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Monday, September 26, 2022

Don Walton: U.S. Supreme Court appears to be on trial now | Regional Government

In the wake of the political maneuvering primarily managed by Senate Republican Leader Mitch McConnell that dramatically changed the U.S. Supreme Court, leading to recent rulings that have smashed or ignored court precedent, the court itself appears to be on trial now. 

Not a good place for the nation’s highest court, or us, to be. 

The June decision ending Roe v. Wade abortion rights was a dramatic example of abruptly overturning precedent and it came after some members of Congress believe they were lied to or misled by answers they heard from the two most recent Supreme Court nominees during their Senate confirmation hearings.

One justice has publicly taken notice of it. 

“Judges create legitimacy problems for themselves … when it looks like they’re an extension of the political process or when they’re imposing their own personal preferences,” Justice Elena Kagan warned in an address in New York City.

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Kagan pointed primarily to the reversal of Roe v. Wade precedent on abortion rights.

I sometimes recall what a leading Nebraska Republican once told me in the early months of the Trump administration as the new president began to assume power: Give Republican members of Congress judges and tax cuts and then you can do anything you want. 

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The pomp and pageantry of ceremonies honoring Queen Elizabeth II has been compelling. 

And it shines a spotlight on a unifying cord in the United Kingdom, a bond that we do not to have within our own country. 

The queen was a figure uniformly admired by nearly all her countrymen and women; we do not have such a figure.

Abraham Lincoln attempted to summon unity in 1861 with a plea to the “better angels of our nature” in advance of the civil war — and they were not to be found or heeded.

And now a substantial swath of the American electorate already has made it clear that they do not accept the results of the 2020 presidential election and will not accept the results of the next presidential election if their candidate does not win.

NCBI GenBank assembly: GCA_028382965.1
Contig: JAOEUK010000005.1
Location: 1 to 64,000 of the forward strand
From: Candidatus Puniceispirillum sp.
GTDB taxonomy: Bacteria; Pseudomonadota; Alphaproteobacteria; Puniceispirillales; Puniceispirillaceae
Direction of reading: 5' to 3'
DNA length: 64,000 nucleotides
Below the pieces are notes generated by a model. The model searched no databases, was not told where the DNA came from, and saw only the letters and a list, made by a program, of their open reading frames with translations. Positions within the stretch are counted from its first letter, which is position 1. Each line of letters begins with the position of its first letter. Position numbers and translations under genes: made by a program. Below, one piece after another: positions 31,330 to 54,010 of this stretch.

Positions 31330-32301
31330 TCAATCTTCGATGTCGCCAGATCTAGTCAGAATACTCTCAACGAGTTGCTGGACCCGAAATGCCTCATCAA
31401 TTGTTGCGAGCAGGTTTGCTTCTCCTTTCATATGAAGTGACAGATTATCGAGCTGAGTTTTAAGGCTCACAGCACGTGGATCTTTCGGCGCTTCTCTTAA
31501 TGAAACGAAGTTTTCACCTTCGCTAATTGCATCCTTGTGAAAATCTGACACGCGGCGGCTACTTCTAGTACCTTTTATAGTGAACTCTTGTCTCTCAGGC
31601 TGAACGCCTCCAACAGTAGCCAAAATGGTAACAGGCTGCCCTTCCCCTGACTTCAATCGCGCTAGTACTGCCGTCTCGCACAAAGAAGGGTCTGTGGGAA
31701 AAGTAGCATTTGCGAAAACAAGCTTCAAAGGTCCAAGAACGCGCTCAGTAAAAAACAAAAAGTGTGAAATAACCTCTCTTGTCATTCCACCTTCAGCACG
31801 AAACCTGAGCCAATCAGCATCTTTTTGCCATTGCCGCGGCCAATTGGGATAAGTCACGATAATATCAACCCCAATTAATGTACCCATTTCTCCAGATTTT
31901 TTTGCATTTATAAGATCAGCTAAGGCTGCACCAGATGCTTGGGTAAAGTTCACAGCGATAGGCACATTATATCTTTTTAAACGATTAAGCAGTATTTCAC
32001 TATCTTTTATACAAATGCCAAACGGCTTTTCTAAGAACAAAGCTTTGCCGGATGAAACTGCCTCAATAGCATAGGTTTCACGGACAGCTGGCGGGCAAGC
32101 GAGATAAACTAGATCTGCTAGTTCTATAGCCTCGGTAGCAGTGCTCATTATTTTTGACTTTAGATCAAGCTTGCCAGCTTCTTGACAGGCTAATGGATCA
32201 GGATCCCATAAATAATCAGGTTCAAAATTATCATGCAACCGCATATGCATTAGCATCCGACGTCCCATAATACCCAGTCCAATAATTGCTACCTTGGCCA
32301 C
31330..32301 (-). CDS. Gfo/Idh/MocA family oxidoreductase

“We are not enemies, but friends,” Lincoln said a century and a half ago. 

“We must not be enemies.”

And then came the civil war.

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Metropolitan Omaha’s 2nd District House seat is up for grabs once again.

It’s always a battleground and the Democratic Congressional Campaign Committee counts that district as one of four seats that Democrats are “most hopeful about flipping” from Republican hands in November, according to a recent story in Politico.

State Sen. Tony Vargas is the Democratic challenger to three-term Republican Rep. Don Bacon in a district whose boundaries have been changed by 2021 redistricting.

Meanwhile, redistricting and perhaps especially the U.S. Supreme Court decision ending Roe v Wade abortion rights have created what appears to potentially be a second competitive congressional district in Nebraska.

A reminder of the results of the June 28 special election in the 1st District:  state Sen. Mike Flood, 61,017; state Sen. Patty Pansing Brooks, 54,783.

With these polar-opposite results within Lincoln-Lancaster County: Pansing Brooks, 41,104; Flood, 31,054.

Extraordinary voter turnout in Lincoln in November appears to be key for Pansing Brooks, the Democratic challenger, in a rematch with Flood, now eastern Nebraska’s Republican congressman whose party affiliation and incumbency gives him the upper hand. 

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* David Wright of Ewing, a conservative Republican who supports a proposed consumption tax, fell short last week in his effort to acquire sufficient signatures to win access to the general election ballot as a non-partisan candidate for governor.

* Upon his return to Nebraska from a congressional trip to the Mexican border in Arizona, Flood said he supports immigration reform “that puts working Americans first.”  Flood said he “will never support amnesty, voting rights, taxpayer-funded benefits or a pathway to citizenship for illegal immigrants.”

* Pansing Brooks says “it’s time to enact common-sense gun laws,” including mandating background checks and red-flag laws that allow a judge to take away someone’s gun based on reasonable suspicion that he or she may use it to harm themselves or others. 

* Process this if you can; I cannot: There probably are at least 100 billion stars in the Milky Way galaxy and at least 100 billion galaxies in the universe. And light from some stars we see may have taken more than 13 billion years to reach us. Mindblower.

* After Saturday’s stomping by Oklahoma, chatter about Husker football on Twitter and Facebook has moved from critical to toxic — with no more attention on one-score losses.   

Reach the writer at 402-473-7248 or dwalton@journalstar.com.

On Twitter @LJSdon

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